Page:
Do cyanobacteria use iron for photosynthesis?


Tuesday, May 28 2013 - 12:00 pm, PDT
Niki Parenteau
SETI Institute

yellow stone chocolate potsDr. Parenteau will speak about her research into the early evolution of oxygenic photosynthesis in the context of Archean ferruginous oceans, and how this might relate to ancient banded iron formations. Banded Iron Formations (BIFs) are widespread Precambrian sedimentary deposits that accumulated in deep ocean basins with inputs of reduced iron (Fe(II)) and silica from deep ocean hydrothermal vents.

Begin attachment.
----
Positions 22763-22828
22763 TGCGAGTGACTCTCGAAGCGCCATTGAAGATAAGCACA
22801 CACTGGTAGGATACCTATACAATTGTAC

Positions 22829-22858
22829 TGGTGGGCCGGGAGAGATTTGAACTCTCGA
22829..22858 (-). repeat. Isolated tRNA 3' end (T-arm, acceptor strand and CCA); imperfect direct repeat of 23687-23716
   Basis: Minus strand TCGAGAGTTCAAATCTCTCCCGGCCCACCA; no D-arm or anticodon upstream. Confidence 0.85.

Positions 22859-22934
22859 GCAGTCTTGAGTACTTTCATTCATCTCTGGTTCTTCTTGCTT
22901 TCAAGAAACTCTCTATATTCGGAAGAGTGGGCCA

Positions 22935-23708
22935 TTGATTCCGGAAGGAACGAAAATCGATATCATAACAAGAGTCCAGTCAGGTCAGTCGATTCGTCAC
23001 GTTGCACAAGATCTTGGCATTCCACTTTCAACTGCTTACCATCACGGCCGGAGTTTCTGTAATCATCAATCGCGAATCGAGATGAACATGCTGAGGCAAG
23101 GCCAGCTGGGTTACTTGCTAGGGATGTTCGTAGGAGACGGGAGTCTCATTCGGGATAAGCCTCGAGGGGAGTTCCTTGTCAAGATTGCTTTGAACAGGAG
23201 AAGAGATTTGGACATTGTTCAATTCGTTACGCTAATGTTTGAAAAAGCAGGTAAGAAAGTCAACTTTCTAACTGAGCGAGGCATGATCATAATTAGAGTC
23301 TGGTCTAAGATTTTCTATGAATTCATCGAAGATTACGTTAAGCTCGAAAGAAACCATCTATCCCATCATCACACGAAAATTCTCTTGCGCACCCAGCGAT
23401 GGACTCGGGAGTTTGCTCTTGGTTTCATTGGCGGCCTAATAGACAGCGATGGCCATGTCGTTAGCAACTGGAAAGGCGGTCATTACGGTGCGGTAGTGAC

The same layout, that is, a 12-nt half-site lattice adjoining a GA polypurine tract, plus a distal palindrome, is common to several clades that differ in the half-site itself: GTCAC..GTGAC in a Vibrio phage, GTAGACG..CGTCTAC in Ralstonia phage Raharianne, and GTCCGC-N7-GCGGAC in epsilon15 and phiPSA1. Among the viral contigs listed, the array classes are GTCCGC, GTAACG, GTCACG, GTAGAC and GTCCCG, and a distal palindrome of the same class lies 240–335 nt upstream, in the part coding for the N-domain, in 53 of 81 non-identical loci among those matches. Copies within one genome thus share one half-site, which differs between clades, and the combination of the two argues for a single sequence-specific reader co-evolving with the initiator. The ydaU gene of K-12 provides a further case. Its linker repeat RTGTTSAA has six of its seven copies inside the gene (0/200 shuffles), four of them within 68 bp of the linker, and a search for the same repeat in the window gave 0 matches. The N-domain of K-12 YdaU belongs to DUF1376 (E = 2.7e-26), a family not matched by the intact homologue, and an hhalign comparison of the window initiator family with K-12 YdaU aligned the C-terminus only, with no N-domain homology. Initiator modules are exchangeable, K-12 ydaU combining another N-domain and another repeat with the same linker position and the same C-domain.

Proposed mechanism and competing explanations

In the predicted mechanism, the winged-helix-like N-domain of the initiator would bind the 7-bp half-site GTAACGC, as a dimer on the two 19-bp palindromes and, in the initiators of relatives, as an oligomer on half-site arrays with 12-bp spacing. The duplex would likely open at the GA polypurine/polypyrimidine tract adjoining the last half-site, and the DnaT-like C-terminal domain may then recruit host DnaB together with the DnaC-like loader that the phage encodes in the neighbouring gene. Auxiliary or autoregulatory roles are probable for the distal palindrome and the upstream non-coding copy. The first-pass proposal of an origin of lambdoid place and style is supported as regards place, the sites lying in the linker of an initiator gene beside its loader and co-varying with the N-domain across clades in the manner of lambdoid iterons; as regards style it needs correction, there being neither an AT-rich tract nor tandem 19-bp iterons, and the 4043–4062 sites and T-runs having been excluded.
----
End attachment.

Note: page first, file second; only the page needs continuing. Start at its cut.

There is scientific debate as to whether abiotic or biotic mechanisms were responsible for the oxidation of Fe(II) and the deposition of BIFs. Biotic mechanisms could include (1) indirect oxidation via the photosynthetic production of oxygen by cyanobacteria, (2) direct oxidation by anoxygenic phototrophs, and (3) direct oxidation by chemolithotrophs.  Dr. Parenteau's work will also examine another potential mechanism:  direct oxidation by ancestral cyanobacteria that can use Fe(II) as an electron donor for photosynthesis.  Dr. Parenteau has been searching for modern descendants of these organisms in the phototrophic mats at Chocolate Pots, a high Fe(II) hot spring in Yellowstone National Park.

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